The main objective of the project is to provide a long-term sustainable solution for Vision Care along with prescription eyeglasses to people who do not have an access or cannot afford them in selected rural areas of Nepal (rural municipalities of Sindhuli district - Sunkoshi, Golanjor and Phikal). In these areas there are neither vision care specialists nor vision facilities available.
To achieve this objective, we will establish a vision care center and provide vision screening services for villagers along with 4000 free prescription eyeglasses for the needy one. This project is based on an innovative approach of one-size-fits-all adjustable frames and simplified lens concept which good quality, instant delivery of eyeglasses and which is not dependent on the availability of an optometrist.
The project contributes to train 9 health professional along with 30 Female Community Health Volunteers(FCHVs) to provide quality vision care facilities of the people suffering from refractive errors (ability to learn, earn and stay safe) in the selected municipalities.
The project has the potential to be replicated in other municipalities in Nepal.
During our community need assessment we found that more than 90 % of the total populations of the selected rural municipalities have never had their vision screened. Also vision screening camp in the Sindhuli district revealed that 120 out of 182 people had poor vision (April 2021). At the same time it was confirmed that in the selected rural municipalities there was no eye or vision care facility, even though there were health centers.
Several interviewees mentioned that their vision was worsening but they didn't know where to go for an eye check up. And people who got their eyes checked up and needed eyeglasses mentioned that it was very costly and time consuming for them since it required at least five days in Kathmandu or another big city.
During the community needs assessment we found out that the following reasons were behind the lack of vision care facilities in Nepal:
- lack of funds to pay for expensive vision screening, eyeglasses, equipment and optometrists,
- lack of solutions for parts of population living in hardly accessible remote areas for whom traveling to cities is both time consuming and expensive,
- lack of eye care professionals and technicians, incl. optometrists, to prescribe and deliver fitting eyeglasses and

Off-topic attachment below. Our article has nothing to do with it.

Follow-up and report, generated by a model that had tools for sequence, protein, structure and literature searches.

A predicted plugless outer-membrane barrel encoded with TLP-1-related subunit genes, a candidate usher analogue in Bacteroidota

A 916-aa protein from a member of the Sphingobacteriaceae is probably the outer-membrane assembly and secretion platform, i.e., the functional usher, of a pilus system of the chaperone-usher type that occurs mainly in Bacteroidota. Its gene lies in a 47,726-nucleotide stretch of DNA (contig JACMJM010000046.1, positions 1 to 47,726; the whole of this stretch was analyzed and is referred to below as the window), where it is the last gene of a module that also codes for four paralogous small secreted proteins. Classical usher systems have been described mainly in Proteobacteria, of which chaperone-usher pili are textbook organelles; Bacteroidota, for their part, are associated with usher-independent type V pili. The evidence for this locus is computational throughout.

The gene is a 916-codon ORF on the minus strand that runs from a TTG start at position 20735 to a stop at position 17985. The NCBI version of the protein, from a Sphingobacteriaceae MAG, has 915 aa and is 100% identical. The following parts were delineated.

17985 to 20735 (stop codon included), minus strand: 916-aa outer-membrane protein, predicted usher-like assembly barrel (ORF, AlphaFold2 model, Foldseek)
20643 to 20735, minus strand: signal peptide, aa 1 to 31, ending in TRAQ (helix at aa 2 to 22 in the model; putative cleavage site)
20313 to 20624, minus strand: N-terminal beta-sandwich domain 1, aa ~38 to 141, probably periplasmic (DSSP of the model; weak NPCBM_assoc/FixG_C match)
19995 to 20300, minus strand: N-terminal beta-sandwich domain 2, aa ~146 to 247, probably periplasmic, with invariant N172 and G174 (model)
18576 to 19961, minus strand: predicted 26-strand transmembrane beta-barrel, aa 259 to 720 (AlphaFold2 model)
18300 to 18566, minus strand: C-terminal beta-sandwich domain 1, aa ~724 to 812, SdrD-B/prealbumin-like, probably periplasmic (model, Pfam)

- no solution available for a country like Nepal that would combine sufficiently robust frames and lenses to withstand the daily conditions, a possibility to easily and quickly to replace or fix their eyeglasses and affordable price at the same time.
While discussing the issue with the representatives of the municipalities and FCHVs representatives we found out that both would be interested in participating in solving the problem of the lack of vision care. FCHVs were asking for some sustainable solution that would also include their remuneration in case they were the ones involved in providing access to vision screening and eyeglasses.
Going through the fact Prevent Blindness America (PBA), reports figures that 66 percent of people who are blind or visually impaired are women. Women have more risk factors and thus, higher rates of vision loss than men. To make matters worse, a survey done by PBA revealed that only 9 percent of women realize low vision problem.
The Vision Spring Report of July 24th, 2018, mentioned that A trial of Indian tea pickers has shown that the provision of glasses improved their productivity by 21.7 per cent and for those aged over 50 the increase was 31.6 per cent. This represents the largest ever recorded productivity increase from any health intervention. If the improvement was replicated across India's crop industry it would mean an extra $19 billion in growth from productivity gains alone.
The research conducted by American Academy of Ophthalmology shows that females experience more vision impairment than man and the study on uncorrected refractive error in children published in 2011 ('Refractive error among school children in Jhapa, Nepal' - Journal of Optometry, April 2011). concluded that the prevalence of URE was 8.6% and that myopia (near-sightedness or blurred distance vision, leading to difficulties in reading the blackboard) was the most common problem. So, our main focus of this project is to provide vision for disadvantages women and school children of rural Nepal.
Project fund will be used in following activities:
1. To setup physical vision care center in municipality
2. To purchase eye checkup equipment.
3. To Train 9 health professional along with 30 Female Community Health Volunteers(FCHVs)for
primary vision and eye checkup.
4. To conduct door to door vision camp in rural village for least 35,000 people and provide
at least 4000 prescription eye glasses that consider one-size-fits-all, easily non
breakable adjustable frames and simplified lens concept which good quality, instant
delivery of eyeglasses.